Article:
Much later, Kleiner would write of this period, with characteristic restraint: “In the meantime, the first World War had come about and interfered with” his pursuit of the glucose-regulating hormone.

Kleiner did not take up his research again until 1918. After the armistice in November, the institute began to settle back into its old routines, and he likely expected that his own work would now go forward uninterrupted. But Simon Flexner had other plans.

By late 1918, Flexner had persuaded Meltzer, whose health was in decline (as a result of type 2 diabetes, as it happened), to plan his retirement. Owing in part, perhaps, to past tensions over Meltzer’s Medical Brotherhood, Flexner also decided to let go of the researchers in Meltzer’s laboratory. Meltzer sent several letters urging that his associates be kept on at the institute, including Kleiner, but Flexner refused. In a note to Meltzer from that year, he made his feelings about Kleiner in particular clear. “His work is not essential to you or the Institute’s war program,” Flexner wrote, adding, “I believe it would be well for Kleiner to go into teaching and this might be the time to make the change. He is not a man the Institute wishes to attach itself to permanently.”

Toward the end of 1918, Kleiner was informed that his term at the institute would be over by the following June, which created a potential crisis for him. He had no other source of income and was supporting not only a wife and a young daughter but also his widowed mother-in-law. As the deadline approached, he had difficulty finding a position elsewhere, and in a desperate-sounding letter written on June 25, he implored the administration to provide a summer salary while he continued his search. Flexner agreed, for which Kleiner was immensely grateful. At no point during all of this, it seems, did he, Flexner, or Meltzer bring up his research or its obvious importance (despite the several newspaper articles that had previously highlighted its therapeutic implications).

Kleiner stayed at the institute until September, leaving just as he submitted one final paper on his diabetes research. Published in the fall of 1919, again with Kleiner as sole author, it was an extraordinary piece of work—a masterpiece, even. At a time when most scientific papers reported their data through anecdotes, in a way that would be regarded as unconvincing or even slapdash today, Kleiner showed, by precise evidentiary standards, and in a large group of animals, that the pancreas (but not other tissues) made a hormone that regulated blood glucose. And rather than dwell on how this finding answered the esoteric question of why glucose was retained in the blood of diabetics, Kleiner now went directly to the core of the medical problem with a focus not evident in his earlier papers. He repeatedly emphasized the clinical implications of his findings, writing that they “suggest a possible therapeutic application,” and also speculated about whether an extract of the pancreas from another species would have the same effect, thus predicting the use of extracts prepared from animals (cows and, later, pigs, in the case of the Canadian team).5 Kleiner closed by writing that the “effective agent or agents, their purification, concentration and identification are suggested as promising fields for further work.” Indeed they were.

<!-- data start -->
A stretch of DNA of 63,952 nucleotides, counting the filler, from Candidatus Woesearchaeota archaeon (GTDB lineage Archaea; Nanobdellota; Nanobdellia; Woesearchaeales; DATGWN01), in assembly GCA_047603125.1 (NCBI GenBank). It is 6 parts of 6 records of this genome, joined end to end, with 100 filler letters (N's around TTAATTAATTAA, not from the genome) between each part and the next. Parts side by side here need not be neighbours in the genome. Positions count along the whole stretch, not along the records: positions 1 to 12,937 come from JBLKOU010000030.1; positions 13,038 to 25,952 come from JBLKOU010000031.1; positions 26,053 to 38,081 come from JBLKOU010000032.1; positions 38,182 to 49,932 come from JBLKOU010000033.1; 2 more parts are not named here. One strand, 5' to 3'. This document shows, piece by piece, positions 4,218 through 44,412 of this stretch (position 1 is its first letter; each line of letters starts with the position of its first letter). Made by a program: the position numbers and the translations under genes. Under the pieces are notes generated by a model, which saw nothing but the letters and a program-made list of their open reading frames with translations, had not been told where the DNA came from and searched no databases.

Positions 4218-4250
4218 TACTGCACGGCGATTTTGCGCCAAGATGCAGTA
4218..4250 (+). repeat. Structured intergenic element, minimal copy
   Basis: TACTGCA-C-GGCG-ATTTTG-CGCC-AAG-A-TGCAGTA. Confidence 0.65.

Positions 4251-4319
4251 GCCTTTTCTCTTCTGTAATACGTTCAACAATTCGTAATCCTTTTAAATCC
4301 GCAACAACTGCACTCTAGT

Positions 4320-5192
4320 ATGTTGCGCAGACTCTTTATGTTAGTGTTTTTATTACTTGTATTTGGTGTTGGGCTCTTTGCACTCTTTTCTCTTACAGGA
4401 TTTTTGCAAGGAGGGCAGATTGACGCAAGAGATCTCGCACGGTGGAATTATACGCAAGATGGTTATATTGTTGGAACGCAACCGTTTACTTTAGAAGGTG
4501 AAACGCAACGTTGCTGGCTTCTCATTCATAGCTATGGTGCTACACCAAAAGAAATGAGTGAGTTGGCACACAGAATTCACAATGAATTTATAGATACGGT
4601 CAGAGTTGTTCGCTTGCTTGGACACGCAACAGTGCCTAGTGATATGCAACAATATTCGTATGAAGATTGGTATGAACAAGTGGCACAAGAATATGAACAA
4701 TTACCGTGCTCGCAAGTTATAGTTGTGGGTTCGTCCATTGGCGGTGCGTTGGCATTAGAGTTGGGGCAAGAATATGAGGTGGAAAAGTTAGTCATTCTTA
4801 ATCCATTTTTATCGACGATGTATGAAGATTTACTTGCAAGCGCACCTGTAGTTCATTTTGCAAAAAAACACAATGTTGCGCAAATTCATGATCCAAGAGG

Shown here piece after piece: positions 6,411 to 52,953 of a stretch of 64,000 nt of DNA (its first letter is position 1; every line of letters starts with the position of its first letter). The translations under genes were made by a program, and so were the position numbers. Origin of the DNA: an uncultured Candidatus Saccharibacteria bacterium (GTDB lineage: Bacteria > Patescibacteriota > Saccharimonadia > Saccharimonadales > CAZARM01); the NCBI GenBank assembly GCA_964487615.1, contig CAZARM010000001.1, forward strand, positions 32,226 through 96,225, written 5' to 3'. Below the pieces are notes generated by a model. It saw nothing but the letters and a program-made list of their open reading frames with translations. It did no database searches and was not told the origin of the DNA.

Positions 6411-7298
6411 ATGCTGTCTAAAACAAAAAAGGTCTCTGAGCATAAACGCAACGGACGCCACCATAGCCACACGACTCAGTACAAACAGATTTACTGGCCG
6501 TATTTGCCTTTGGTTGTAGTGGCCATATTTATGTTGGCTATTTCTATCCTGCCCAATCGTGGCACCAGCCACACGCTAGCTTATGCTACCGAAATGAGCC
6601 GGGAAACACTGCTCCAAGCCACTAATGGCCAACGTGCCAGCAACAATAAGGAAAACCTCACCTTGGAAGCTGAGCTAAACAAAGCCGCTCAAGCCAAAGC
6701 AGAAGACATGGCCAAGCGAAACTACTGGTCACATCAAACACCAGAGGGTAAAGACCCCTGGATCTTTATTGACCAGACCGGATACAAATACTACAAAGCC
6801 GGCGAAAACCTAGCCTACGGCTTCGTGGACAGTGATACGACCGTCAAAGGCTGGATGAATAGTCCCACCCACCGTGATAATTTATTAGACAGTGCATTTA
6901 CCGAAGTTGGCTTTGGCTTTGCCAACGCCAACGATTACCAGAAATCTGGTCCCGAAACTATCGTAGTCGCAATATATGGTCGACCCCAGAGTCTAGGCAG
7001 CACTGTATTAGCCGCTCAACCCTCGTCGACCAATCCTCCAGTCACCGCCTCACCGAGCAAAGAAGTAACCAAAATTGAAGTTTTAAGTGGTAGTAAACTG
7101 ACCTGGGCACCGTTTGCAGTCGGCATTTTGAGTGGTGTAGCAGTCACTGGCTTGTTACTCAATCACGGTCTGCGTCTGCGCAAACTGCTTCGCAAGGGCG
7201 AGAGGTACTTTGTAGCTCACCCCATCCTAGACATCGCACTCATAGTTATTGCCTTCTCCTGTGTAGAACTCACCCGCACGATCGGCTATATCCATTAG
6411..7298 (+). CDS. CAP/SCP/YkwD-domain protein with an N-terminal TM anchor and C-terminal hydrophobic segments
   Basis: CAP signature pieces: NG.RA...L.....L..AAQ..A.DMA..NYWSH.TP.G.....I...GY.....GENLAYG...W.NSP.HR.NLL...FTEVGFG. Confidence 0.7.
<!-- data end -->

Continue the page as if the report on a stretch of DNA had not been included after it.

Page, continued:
If Flexner was the reason Kleiner’s research ground to a halt, the obvious question is why. Why would someone so accomplished and discerning, universally recognized as a shrewd judge of talent and good science, fail to appreciate the historic discovery that was within Kleiner’s, and the institute’s, reach?

Flexner was himself something of a mystery to many on his faculty. A small, intense man in his mid-fifties, he was intimidating to some and supportive of others, but taciturn with everyone. He was a longtime friend and protégé of William Welch, in whose lab he’d trained before Welch became the founding dean of the Johns Hopkins medical school (and eventually, in the eyes of many, the most influential person in the history of American medicine). Flexner had gone on to become an eminent bacteriologist in his own right, developing an effective treatment for meningitis, identifying Shigella flexneri as a cause of dysentery and showing that polio was a viral disease, among other achievements. He was thirty-eight when Welch, the first president of the Board of Scientific Directors at the Rockefeller Institute, persuaded him to run its laboratories.

Flexner’s focus on infectious diseases may well have contributed to his lack of appreciation for Kleiner’s research. Diabetes may have seemed to him almost a boutique illness, affecting patients whose deaths were no more tragic than those of the many more people dying of pneumonia, meningitis, and diphtheria. And the urgency surrounding such illnesses would have been at the front of his mind after his deep involvement in the institute’s wartime work on infection, which had been very successful. Disease accounted for about half of military deaths in World War I, a significant decrease from previous conflicts. (This shift could be attributed partly to the augmented killing power of the new machines of war, but the vast medical machinery set up by the Allies, of which the institute had been a vital part, also made a major difference.) Even with the war over, the Spanish flu epidemic that had been raging for more than a year was, if anything, amplifying concerns about infectious disease.6